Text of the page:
République (PS4 Review)
Have you ever wondered if there was more about your surroundings other than what we are told and what we know? To question life in an almost existential manner isn’t a new plot device for storytelling. In fact, we are thoroughly familiar with the red and blue pill, the niggling truth, and the light behind the curtain that has always pushed our heroes and heroines forward, questioning everything as they go. Although we are familiar with the idea through film, République asks the player to go a bit further and take part in blowing open the whole truth and breaking free from the expectations of Metamorphosis (the compound in which we meet our protagonist Hope) society in a way that grips us and makes us delve deeper in to what is really going on.
Just like the events that set Hope’s escape from Metamorphosis in motion, République started with an idea to break the mold and challenge our understanding. To go against the curve and break the confines of what we know by defining a game that would prove that mobile devices could offer an experience comparable, if not better, to console games. Ryan Payton and Alexei Tylevich from Camoflaj and Logan Games have more than achieved that with République, providing an enthralling and punctual episodic experience for PS4.
République opens with Hope, aka 390-H, in her dorm room as she is confronted by the the Prizrak – Metamorphosis’ police force – with contraband in her possession. It is here that we first seize control of the technology of Hope’s surroundings through the mobile phone found in Hope’s possession. From there you, as a hacker, start to expose Hope to what really happens in the facility and open Hope’s eyes to the reality of what is truly going on around her. As République progresses you are thrown curve balls and start to question your own morality as Hope slowly learns there are consequences to her actions. In spite of Hope’s real lack of presence there is a brilliant supporting cast, strengthened by voice acting greats David Hayter and Jennifer Hale, who bring the tid bits of Metamorphosis to life. Each episode brings a new perspective and a bigger picture as you learn about those who live in the sanctuary and the great divide between them. And it’s all wrapped up in one digestible package if you choose to avoid pursuing the endless number of collectible items in the game.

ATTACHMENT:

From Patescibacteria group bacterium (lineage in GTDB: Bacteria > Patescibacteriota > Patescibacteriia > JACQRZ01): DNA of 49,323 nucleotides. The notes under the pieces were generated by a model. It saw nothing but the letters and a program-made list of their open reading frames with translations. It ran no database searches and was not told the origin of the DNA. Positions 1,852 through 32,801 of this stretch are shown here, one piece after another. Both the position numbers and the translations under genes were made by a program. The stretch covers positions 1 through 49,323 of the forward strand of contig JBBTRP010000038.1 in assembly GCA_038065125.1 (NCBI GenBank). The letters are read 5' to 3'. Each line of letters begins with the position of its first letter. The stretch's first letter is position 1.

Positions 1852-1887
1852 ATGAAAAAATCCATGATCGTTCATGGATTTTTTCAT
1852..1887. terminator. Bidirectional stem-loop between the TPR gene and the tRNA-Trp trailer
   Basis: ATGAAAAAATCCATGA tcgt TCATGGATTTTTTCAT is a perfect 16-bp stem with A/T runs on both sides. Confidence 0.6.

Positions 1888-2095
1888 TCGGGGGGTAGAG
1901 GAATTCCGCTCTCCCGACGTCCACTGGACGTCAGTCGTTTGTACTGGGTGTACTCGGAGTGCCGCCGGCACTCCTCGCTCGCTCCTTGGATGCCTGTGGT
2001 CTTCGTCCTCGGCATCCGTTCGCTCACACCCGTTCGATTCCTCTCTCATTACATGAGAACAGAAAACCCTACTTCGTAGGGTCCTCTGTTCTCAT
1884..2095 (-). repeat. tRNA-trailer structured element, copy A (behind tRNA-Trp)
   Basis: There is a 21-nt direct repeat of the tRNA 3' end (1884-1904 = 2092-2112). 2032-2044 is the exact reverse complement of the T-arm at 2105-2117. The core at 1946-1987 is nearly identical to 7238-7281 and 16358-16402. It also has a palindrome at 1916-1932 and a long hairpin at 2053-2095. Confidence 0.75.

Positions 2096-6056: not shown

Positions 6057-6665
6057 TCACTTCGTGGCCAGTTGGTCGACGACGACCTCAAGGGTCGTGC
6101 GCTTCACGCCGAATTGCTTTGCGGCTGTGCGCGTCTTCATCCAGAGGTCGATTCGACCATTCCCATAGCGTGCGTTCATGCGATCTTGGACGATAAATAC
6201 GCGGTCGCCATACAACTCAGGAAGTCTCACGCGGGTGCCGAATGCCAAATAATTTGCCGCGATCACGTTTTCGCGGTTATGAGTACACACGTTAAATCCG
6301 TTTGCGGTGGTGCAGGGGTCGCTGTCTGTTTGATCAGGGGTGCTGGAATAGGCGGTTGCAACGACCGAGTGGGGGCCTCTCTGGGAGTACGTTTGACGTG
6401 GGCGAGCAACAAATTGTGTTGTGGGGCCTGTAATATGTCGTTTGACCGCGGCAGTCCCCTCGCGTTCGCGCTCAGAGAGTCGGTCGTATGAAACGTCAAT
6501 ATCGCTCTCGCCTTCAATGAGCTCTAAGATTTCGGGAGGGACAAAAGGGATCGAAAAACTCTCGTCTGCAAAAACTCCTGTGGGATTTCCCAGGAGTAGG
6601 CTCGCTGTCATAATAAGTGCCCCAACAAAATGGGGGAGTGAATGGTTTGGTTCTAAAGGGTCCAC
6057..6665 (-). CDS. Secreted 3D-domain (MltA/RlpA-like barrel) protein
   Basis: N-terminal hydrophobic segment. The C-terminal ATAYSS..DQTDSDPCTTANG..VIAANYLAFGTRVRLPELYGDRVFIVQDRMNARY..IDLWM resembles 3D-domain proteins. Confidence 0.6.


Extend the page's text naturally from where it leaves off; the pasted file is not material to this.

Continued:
Transitioning from tablet devices, to PC, and then to home consoles is no easy task, but République pulls the control scheme off almost flawlessly. Navigating through cameras and scouting ahead is extremely simple, leaping from camera to camera to map out the next set of guard’s patterns while slowly pacing Hope forward is simple and intuitive. The control scheme lends itself well to the slow paced nature of the stealth and while scavenging the environments Hope will gain access to pepper spray, sleep mines, and tasers to deal with different types of enemies that stand between her and the truth. République largely consists of slow paced stealth with little to no real action, but it suits the tone of remaining hidden and out of sight perfectly as you navigate the world unseen and unheard, watching events unfold as the mysterious hacker and Hope.
The slow pace also does wonders for République as it gives us, the player, a the chance to bask in the gorgeous areas you stealthily navigate. No detail is overlooked as you peer out of the shadows you can see banned books hidden in your peripheral vision and the intricate designs of places like the library are perfect in their execution. I would go on, but to discuss some of the environments would sully a large part of the experience and story, but trust me when I say these areas are all ripe with detail and good fun to explore, especially one or two of the hidden areas. And this level of detail doesn’t stop at the surroundings themselves, République has a whole host of collectibles that expand on the story and even give nods to some brilliant Kickstarted and popular games that were around at the time of development with quirky descriptions to match. These collectibles are almost essentially to the branching narrative to the game, so once you have the right equipment République turns in to a metroidvania styled game that greatly rewards backtracking in the narrative.
République is an experience like no other, one that I struggle to retrospectively place on a mobile device because of its excellence in design and story it tells. But in terms of fragmented areas and small, closely placed cameras distorting movement and visuals when navigating the areas in République still feel very much like a port. As a different change in pace from usual games the game shines wonderfully with some truly interesting moments in the short run time, but small niggles and design choices that were probably perfect for the nature of of mobile gaming still remain and hinder the overall experience alongside some questionable load times. In spite of these issues Republique shines an interesting light on privacy and the use of technology during our time while remaining interesting with enough replayability to boot, so if you’re looking for a different experience I would strongly recommend picking it up.